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Covid-19 in Italy: what you can and can't do in a yellow zone

What is allowed and what is forbidden in yellow zones under Italy's covid-19 restrictions.

Italy has relaxed its coronavirus restrictions for most regions, with effect from 1 February 2021.

The move will see much of the country - including the Lazio region around Rome and the Lombardia region around Milan - downgraded from medium-risk orange zones to lower-risk yellow zones.

But just what does this mean? We take a look at the main points contained in Italy's yellow zone, or zona gialla, rules.

Customers can consume food and drink in bars and restaurants from 05.00 and 18.00. Take-away is allowed from 18.00 until 22.00, and home delivery is not constrained by time limits. It is forbidden to consume food and drinks in the streets or parks between 18.00 and 05.00.

You can move around in your region from 05.00 until 22.00, with only one visit per day allowed at the home of relatives or friends, for a maximum of two people, however the limit does not apply to children under 14 or to people with disabilities/non self-sufficient. It is forbidden to move to other regions, unless proven reasons of work, necessity or health.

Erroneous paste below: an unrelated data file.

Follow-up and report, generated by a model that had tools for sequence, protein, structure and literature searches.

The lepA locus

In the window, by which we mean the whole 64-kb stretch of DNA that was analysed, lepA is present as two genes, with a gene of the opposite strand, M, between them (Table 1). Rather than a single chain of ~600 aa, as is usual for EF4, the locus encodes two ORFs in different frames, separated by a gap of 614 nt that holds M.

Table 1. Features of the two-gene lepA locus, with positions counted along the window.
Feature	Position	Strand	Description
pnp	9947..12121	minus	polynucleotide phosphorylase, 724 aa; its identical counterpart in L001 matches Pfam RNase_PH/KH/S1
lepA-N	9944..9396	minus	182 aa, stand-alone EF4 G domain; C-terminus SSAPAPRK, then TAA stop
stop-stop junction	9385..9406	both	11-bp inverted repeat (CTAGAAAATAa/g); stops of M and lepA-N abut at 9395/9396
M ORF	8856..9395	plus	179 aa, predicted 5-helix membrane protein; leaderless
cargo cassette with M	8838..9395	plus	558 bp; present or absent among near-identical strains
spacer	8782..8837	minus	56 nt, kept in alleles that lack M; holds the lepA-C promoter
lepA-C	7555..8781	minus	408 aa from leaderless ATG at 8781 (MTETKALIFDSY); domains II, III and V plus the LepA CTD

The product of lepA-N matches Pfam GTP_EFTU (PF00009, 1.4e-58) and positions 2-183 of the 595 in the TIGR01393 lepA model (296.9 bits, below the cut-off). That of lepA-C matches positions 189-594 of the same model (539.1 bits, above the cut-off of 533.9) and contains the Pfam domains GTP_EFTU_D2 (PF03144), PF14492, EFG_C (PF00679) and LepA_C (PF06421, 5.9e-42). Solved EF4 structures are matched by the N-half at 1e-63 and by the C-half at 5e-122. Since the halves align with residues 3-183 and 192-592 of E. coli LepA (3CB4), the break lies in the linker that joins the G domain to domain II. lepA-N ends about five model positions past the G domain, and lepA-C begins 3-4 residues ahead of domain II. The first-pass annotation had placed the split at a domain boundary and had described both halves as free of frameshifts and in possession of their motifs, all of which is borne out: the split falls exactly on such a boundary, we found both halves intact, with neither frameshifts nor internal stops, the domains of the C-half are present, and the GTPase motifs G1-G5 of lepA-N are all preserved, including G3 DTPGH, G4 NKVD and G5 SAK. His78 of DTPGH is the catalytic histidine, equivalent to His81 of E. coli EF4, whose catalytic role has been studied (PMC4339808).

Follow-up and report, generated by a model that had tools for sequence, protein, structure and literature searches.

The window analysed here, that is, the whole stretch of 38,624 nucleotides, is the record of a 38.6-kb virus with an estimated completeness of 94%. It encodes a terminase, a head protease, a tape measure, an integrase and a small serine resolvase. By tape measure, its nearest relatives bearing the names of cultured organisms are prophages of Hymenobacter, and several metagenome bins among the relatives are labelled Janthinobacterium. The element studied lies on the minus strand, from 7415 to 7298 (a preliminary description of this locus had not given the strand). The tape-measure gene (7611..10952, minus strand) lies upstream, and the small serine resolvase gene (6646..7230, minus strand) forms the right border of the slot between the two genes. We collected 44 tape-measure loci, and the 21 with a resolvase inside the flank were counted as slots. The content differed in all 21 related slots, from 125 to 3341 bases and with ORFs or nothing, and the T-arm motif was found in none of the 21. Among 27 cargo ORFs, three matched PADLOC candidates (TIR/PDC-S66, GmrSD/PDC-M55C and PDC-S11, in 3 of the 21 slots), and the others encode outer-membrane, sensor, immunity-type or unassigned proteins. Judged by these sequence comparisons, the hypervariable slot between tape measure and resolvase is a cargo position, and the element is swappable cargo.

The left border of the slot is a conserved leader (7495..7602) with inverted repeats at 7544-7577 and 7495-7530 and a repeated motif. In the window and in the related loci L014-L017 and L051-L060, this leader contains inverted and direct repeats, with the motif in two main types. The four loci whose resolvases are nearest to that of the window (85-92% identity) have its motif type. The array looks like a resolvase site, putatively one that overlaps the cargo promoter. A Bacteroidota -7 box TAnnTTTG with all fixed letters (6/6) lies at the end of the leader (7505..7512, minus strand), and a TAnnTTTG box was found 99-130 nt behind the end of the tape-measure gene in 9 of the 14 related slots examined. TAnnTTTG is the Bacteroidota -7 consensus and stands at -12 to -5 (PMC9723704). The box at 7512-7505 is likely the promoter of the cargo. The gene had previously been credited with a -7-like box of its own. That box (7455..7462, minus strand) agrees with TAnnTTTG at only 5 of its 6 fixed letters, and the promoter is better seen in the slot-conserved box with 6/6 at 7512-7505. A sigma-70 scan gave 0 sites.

Map of Italy's zones from 1 February. Image Corriere della Sera.

Kindergartens, elementary and middle schools are open 100 per cent, with face-to-face lessons in the classroom. High school students can attend 50 - 75 per cent of their lessons in the classroom, with the rest conducted via distance learning. Universities are permitted to open / close based on their circumstances.

Museums, archaeological sites and exhibitions can open from Monday to Friday, in compliance with social distancing and other preventive measures. In many cases reservations are required. Theatres and cinemas remain closed.

Gyms and swimming pools stay closed but sporting centres are allowed to open. Team sports remain banned but there are no restrictions relating to walking, jogging or cycling.

The maximum capacity of local transport is set at 50 per cent.

Shopping malls are closed on weekends, however certain services inside shopping centres - including pharmacies, food shops, tobacconists, newsagents and bookstores - remain open.

Italy's nationwide curfew remains in place, each night from 22.00 until 05.00.

The regions of Puglia, Sardegna, Sicilia, Umbria and the autonomous province of Bolzano remain orange zones. There are currently no regions in Italy's highest-risk red zones.

Photo Wanted in Rome

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